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Somalia to expel Ethiopian troops unless Somaliland port deal scrapped

SOMALIA will expel thousands of Ethiopian troops stationed in the country to help with security by the end of the year unless Addis Ababa scraps a disputed port deal with the breakaway region of Somaliland, a senior Somali official said.

Security experts and foreign diplomats said the move risks further destabilising Somalia as local forces would be unable to fill the security vacuum, which would likely be exploited by fighters from al Shabaab, an affiliate of al Qaeda.

At least 3,000 Ethiopian soldiers are stationed in the Horn of Africa country as part of an African Union peacekeeping mission (ATMIS) fighting al Shabaab, which controls large portions of Somalia, while an estimated 5,000-7,000 are stationed in several regions under a bilateral agreement.

Relations between Mogadishu and Addis Ababa nosedived earlier this year after landlocked Ethiopia agreed to lease 20 km (12 miles) of coastline from Somaliland – a part of Somalia which claims independence and has had effective autonomy since 1991, but has failed to win international recognition.

Ethiopia offered Somaliland possible recognition in exchange for being allowed to set up a naval base and commercial port – a move Mogadishu has called illegal.

“If they do not repeal the (agreement) before the end of June, or when the new mandate of the mission is decided, all Ethiopian troops, ATMIS and bilateral, will have to go,” Somalia’s national security adviser Hussein Sheikh-Ali told Reuters by phone.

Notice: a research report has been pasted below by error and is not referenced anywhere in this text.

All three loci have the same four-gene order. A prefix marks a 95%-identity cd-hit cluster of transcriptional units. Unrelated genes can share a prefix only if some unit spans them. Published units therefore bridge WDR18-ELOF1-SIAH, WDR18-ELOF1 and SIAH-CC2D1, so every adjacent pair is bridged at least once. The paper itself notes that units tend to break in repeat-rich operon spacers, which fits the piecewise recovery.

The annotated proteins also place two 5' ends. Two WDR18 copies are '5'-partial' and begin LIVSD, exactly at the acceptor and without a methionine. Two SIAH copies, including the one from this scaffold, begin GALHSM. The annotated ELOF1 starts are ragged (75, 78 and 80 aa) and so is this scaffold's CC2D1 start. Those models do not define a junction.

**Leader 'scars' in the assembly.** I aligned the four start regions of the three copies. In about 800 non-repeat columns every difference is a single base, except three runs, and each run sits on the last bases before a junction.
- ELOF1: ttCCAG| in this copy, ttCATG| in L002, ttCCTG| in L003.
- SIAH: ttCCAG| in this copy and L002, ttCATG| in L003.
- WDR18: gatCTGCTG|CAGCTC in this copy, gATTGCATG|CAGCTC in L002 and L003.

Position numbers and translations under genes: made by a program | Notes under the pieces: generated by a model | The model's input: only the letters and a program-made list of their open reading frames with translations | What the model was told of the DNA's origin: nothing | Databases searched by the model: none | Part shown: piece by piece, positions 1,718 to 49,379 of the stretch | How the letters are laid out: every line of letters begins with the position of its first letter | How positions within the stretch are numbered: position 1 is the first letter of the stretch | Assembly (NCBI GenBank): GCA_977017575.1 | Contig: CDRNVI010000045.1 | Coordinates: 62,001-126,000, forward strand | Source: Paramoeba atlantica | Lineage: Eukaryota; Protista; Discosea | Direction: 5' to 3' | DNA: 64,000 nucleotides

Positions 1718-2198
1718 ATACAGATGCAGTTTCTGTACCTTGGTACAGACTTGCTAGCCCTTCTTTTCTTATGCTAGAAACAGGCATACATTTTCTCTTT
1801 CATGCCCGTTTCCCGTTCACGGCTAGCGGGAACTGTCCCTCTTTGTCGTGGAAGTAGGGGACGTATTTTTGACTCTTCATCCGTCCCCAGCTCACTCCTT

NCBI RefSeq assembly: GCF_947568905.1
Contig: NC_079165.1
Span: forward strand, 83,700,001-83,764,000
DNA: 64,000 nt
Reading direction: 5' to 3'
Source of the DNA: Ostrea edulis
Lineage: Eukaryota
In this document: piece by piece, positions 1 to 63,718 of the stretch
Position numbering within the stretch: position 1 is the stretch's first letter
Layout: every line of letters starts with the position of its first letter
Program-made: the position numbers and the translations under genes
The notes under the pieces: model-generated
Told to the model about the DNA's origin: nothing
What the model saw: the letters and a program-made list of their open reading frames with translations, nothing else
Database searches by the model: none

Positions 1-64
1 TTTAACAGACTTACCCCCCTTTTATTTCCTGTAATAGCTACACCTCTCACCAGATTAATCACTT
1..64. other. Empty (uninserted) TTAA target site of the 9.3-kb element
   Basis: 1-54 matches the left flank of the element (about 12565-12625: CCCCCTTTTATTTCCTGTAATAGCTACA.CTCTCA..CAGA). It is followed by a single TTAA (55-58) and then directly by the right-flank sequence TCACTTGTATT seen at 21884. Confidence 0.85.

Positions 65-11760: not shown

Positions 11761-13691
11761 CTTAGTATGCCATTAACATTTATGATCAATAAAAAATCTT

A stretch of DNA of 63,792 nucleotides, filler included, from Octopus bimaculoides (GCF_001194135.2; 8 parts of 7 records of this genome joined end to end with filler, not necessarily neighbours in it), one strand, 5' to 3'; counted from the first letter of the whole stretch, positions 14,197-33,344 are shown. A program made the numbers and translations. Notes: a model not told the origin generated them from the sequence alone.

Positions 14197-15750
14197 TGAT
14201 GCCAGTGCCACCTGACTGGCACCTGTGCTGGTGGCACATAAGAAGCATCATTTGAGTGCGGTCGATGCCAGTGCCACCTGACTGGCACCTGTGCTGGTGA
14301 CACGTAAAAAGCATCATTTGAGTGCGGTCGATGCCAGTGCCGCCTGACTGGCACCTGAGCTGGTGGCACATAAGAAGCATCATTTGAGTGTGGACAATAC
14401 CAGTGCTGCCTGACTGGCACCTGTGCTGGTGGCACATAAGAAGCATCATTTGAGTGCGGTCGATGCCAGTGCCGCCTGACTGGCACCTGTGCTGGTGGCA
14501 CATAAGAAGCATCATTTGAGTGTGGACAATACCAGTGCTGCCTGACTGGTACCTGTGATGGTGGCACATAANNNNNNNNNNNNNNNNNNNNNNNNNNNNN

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“Ethiopia cannot be an ally and at the same time an aggressor.”

Spokespeople for the Ethiopian government and the Ethiopian National Defence Forces (ENDF) did not respond to requests for comment.

The African Union Transition Mission in Somalia (ATMIS), which is mandated by the U.N. Security Council, is due to fully withdraw and hand over security responsibilities to the Somali state by the end of 2024.

But the Somali government has requested several times for the withdrawal of troops to be slowed down, citing setbacks on the battlefield. The troops come from Burundi, Djibouti, Uganda, Kenya and Ethiopia.

A new, smaller peacekeeping mission is expected to be announced by the end of June, with Somalia requesting that Ethiopia not be among the troop contributing countries, according to AU and African diplomats familiar with the plan.

“Given the current political climate, it will not possible to have ENDF be part of AU-led mission,” Somalia’s state minister for foreign affairs Ali Omar told Reuters.

By GIULIA PARAVICINI

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